We stayed at Fort Frederick the first night. Father and several others went for a swim in the Potomac River. We each brought our own dinner and had juices and water provided by many supporters who drove pace cars and the RV driven by Bob Ezolt which carried our sleeping bags and water and all the First Aid supplies. Bob not only drove the 40-foot RV, he was right behind us all the way. The vehicle was large enough to actually protect us as we walked on the side of the highway. Most of the time, we were on Alternate Route 40, a very scenic journey.

Each night I played my guitar and sang a hymn before we prayed the "Liturgy of the Hours." No electric, just a guitar and song to set the atmosphere for prayer.

The second night we stayed at St. Mary's in Hagerstown. The younger kids didn't burn enough energy walking in 93 degree muggy weather all day; they had to play basketball in the school yard. In the middle was Father Lombardi in the same sandals he wore the entire 100 miles. He was an outstanding example for all of the pilgrims, tireless and focused on our mission. He kept up with youth 30 years his junior. Thank you, Lord for, our leader on this Pilgrimage! He asked us to do nothing which he, himself, was not willing to do.

The food was great at St. Mary's. The floor was hard, no mattress, just a sleeping bag. The girls/women slept upstairs, and the boys/men slept down in the cafeteria. It was all part of the pilgrimage, a journey which we would not soon forget!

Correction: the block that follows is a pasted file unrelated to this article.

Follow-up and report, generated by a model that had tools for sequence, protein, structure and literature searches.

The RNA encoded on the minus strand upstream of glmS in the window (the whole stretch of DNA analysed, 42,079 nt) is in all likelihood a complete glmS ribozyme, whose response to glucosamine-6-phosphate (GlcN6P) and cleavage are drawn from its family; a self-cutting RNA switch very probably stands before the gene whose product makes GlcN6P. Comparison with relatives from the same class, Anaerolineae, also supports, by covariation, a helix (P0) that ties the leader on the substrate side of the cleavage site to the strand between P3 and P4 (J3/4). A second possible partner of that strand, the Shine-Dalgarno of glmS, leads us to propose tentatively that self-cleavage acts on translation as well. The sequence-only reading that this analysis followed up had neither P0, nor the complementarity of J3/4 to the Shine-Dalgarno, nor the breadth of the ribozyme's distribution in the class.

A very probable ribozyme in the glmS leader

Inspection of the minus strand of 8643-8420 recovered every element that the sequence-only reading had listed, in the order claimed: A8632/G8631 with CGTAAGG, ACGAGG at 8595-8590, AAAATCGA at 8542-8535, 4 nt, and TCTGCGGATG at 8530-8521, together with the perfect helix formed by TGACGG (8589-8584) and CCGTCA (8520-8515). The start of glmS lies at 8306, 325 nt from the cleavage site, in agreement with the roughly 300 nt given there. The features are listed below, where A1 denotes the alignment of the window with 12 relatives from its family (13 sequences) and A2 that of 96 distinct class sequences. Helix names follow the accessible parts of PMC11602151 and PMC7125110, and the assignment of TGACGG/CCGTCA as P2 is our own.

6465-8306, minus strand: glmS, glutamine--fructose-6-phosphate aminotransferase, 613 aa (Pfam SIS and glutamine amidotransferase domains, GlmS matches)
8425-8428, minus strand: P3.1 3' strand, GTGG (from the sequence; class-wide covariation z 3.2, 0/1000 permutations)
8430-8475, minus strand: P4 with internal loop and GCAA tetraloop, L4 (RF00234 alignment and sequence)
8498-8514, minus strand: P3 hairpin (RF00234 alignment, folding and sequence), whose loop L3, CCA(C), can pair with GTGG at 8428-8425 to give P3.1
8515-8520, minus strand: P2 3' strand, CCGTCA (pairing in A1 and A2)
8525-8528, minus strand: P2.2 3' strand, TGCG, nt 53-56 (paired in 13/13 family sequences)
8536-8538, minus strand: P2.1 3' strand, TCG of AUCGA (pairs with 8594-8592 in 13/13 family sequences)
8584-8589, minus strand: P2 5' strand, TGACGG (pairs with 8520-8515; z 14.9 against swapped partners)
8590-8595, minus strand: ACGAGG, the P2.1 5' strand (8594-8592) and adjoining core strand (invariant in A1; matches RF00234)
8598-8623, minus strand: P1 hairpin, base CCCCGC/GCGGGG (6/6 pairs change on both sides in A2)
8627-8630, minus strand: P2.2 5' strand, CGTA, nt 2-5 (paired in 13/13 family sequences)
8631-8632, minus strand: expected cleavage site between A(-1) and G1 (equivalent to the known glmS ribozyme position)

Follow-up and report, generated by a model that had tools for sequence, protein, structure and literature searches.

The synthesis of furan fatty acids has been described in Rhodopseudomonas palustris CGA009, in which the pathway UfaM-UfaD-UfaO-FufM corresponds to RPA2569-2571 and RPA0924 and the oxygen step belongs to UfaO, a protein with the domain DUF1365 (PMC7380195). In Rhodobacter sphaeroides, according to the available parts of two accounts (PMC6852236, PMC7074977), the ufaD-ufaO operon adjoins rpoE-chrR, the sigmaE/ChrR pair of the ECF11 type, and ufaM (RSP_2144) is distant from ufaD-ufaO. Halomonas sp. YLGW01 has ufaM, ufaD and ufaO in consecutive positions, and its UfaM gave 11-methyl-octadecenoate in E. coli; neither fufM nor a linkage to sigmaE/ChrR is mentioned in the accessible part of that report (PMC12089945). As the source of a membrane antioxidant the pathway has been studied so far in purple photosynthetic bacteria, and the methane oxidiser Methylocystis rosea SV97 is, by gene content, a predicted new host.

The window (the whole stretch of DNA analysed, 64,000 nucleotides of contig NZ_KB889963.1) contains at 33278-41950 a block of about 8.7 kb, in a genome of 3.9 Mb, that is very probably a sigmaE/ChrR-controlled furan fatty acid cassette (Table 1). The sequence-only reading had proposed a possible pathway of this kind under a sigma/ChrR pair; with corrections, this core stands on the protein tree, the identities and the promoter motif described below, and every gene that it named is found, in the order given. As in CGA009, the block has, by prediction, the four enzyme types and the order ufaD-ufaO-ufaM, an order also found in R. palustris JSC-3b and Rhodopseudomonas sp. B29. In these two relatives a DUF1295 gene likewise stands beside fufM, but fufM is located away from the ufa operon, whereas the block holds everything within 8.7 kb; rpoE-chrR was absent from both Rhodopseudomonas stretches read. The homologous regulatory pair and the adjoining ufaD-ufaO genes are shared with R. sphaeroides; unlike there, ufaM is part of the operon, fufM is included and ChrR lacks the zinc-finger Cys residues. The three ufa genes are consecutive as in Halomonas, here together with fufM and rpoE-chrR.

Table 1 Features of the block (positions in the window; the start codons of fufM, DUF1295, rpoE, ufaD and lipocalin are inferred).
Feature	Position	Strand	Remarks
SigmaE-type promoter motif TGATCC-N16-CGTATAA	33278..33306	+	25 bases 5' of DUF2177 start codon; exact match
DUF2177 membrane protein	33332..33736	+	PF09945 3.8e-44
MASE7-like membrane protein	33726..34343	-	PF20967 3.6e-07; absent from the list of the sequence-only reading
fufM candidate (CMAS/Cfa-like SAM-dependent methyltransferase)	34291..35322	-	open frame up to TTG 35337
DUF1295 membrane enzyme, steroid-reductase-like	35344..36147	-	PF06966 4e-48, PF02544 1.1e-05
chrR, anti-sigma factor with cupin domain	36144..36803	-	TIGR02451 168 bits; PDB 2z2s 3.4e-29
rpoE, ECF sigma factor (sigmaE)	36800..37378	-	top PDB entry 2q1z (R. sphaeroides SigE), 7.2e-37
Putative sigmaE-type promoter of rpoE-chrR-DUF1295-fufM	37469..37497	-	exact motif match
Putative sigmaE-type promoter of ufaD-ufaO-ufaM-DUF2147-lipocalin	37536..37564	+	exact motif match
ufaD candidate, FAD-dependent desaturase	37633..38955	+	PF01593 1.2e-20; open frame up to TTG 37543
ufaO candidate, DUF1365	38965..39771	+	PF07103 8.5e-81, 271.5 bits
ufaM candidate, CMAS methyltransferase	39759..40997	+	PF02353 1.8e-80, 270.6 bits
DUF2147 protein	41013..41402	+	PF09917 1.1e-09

We walked on to Middletown, MD, and had similar accommodations. In the middle of the night the burglar alarm went off and woke up everyone. Father Jack had to placate the policeman who came to check out what was going on and why all these people were sleeping in the church hall. It was a madhouse!

We stayed at St John's in Frederick, MD, and had a chance to speak with several people on the downtown streets. We had a message, and old and young alike were in tune with the reason for our Walk.

St. Anthony's Shrine in Ellicott City, MD, was fabulous! We didn't have softer floors to sleep on, but we had hot water in the showers, and that was the first hot water shower we were able to take since the pilgrimage began. The days were so, so hot, though, that no one minded the cold showers we all took in the RV. We had fun juggling 20 or more showers in a little over two hours while hooked up to the garden hose outside of our host parishes.